Mamaroneck Schools Superintendent Dr. Paul Fried was at the Larchmont Village Board meeting on Monday, December 14 for a discussion on the challenges in preparing a school budget for next year, in light of the harsh fiscal environment.
The board also took action on meters – for parking and for monitoring water use.
Superintendent Outlines Budget Challenges
Expenses, Revenues: As he has been doing with parent and PTA groups for the past few weeks, Dr. Fried shared details of district financing. He explained that in the 2009-2010 budget, 78% represents salaries and benefits and 7% debt service. And half of the rest is for mandated or contractual costs.
Even with no new programs, no new hires, no new equipment or building, the district nevertheless faces a 9% increase due to rising costs for health insurance, contract salaries, pension contributions, debt service, heating and other items. At the same time, there is a potential reduction in state support – as announced this week by Governor David Paterson. Furthermore, this is the final year for federal stimulus funds, which replaced state aid after earlier cuts.
“As you see,” he added, “we are very labor intensive. The way to achieve the biggest cuts is through eliminating staff, though we’re trying to look first at other areas.” Last year 17 positions were abolished, leading to somewhat larger classes.
“We’re now working with the teachers’ union,” said Dr. Fried. “They have one year left on their current contract which was created in a very different environment.” He added, “We will be examining the total compensation,”
What to Cut: Dr. Fried and the School Board are looking to the community to become informed and suggest ways to reduce the budget. They have been meeting with group and asking: “What do you value? What don’t you want to give up?” He said the answers are interesting.
Elementary schools, parents tell him they want to retain the basic core program and nibble around the edges of the art, music, and gym programs. When he reaches the middle and high school, the answers reverse. “The so called ‘extras’ of art, music and athletics are what keep our students coming to school and remaining academically engaged,” he said parents told him.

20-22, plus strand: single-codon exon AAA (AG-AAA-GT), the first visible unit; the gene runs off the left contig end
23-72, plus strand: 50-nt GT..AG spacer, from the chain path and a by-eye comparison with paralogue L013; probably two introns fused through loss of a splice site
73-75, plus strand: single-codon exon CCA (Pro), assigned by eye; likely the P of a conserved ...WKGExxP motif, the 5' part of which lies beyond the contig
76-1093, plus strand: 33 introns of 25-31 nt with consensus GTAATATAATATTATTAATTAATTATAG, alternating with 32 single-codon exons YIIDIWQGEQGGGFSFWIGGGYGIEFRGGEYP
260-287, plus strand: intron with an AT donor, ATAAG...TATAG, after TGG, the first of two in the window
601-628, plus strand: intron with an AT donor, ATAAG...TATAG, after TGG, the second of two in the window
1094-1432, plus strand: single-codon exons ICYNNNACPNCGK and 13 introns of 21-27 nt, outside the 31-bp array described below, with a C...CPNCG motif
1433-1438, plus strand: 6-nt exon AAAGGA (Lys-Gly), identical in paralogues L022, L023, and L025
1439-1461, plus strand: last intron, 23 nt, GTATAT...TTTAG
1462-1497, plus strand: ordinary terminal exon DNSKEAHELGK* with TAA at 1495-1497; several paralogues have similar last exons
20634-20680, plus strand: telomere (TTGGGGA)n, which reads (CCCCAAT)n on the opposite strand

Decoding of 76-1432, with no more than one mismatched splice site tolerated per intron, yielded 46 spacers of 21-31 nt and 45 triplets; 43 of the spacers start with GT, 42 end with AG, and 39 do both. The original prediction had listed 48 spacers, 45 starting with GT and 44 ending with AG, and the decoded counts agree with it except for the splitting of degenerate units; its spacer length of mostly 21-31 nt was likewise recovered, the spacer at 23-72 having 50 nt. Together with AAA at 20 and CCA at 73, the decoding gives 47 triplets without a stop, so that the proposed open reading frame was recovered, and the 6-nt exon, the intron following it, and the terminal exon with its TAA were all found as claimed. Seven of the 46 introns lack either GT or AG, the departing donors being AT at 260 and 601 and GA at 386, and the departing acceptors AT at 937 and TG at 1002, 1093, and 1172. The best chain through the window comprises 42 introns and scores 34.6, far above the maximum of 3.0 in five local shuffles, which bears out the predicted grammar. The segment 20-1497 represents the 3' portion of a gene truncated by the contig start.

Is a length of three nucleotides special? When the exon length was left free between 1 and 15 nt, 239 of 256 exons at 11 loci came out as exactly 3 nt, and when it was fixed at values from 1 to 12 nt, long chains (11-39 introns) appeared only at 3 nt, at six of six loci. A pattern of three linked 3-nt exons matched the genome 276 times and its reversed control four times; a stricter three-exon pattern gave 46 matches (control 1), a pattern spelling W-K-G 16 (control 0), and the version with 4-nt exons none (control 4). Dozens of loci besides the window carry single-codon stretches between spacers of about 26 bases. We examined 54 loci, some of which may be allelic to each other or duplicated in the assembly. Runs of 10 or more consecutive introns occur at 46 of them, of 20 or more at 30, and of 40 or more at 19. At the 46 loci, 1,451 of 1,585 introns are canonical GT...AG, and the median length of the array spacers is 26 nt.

Dr. Fried noted that the district had 27 students make area all-state orchestra, band, chorus or mixed chorus ensembles, which they could not achieved without a strong musical foundation in the lower grades. “These are the things that make our school system special,” he added.
“Do we offer more than is mandated for graduation?” was another question he reported hearing. His answer? “Of course we offer more than is required, but our AP courses and our classes in advanced math, history, English and languages are what enable our students to gain access to the top colleges and universities in the country.”
From the Village Board: Trustee Marlene Kolbert commented on what an irony the evening presented. The first item of the agenda had been awarding certificates of achievement to members of the Mamaroneck High School Girls’ Field Hockey Team for having reached the finals of the 2009 NY State Class A Championships. Now athletics, along with all extra-curricular programs, may be in financial jeopardy.
Trustee Richard Ward asked: “Are we looking into ways that on-line teaching, Skype, and chat rooms can aid in advancing our educational goals at a reduced cost?” Dr. Fried said the district was open, but “the NY State Regents need to move ahead on this too. At present they do not easily give credit to courses delivered in this way.”
When Trustee Anne McAndrews asked if there was any movement away from using the property tax to support the schools, Dr. Fried simply replied that revaluation would be helpful to providing stable tax support the schools could count on.
She then asked if the staff had been given benchmarks in examining their costs. “Yes,” said Dr. Fried, “I told the principals to cut 10% from each of their budgets.”
Upcoming Meetings on Cost Cuts & Budget: Dr. Fried ended by announcing he will hold two preliminary discussions on cost cutting before presenting his recommended budget on March 16.
Other key budget dates: Saturday, March 20, all-day review; April 6, budget study session; April 20, tentative budget adoption.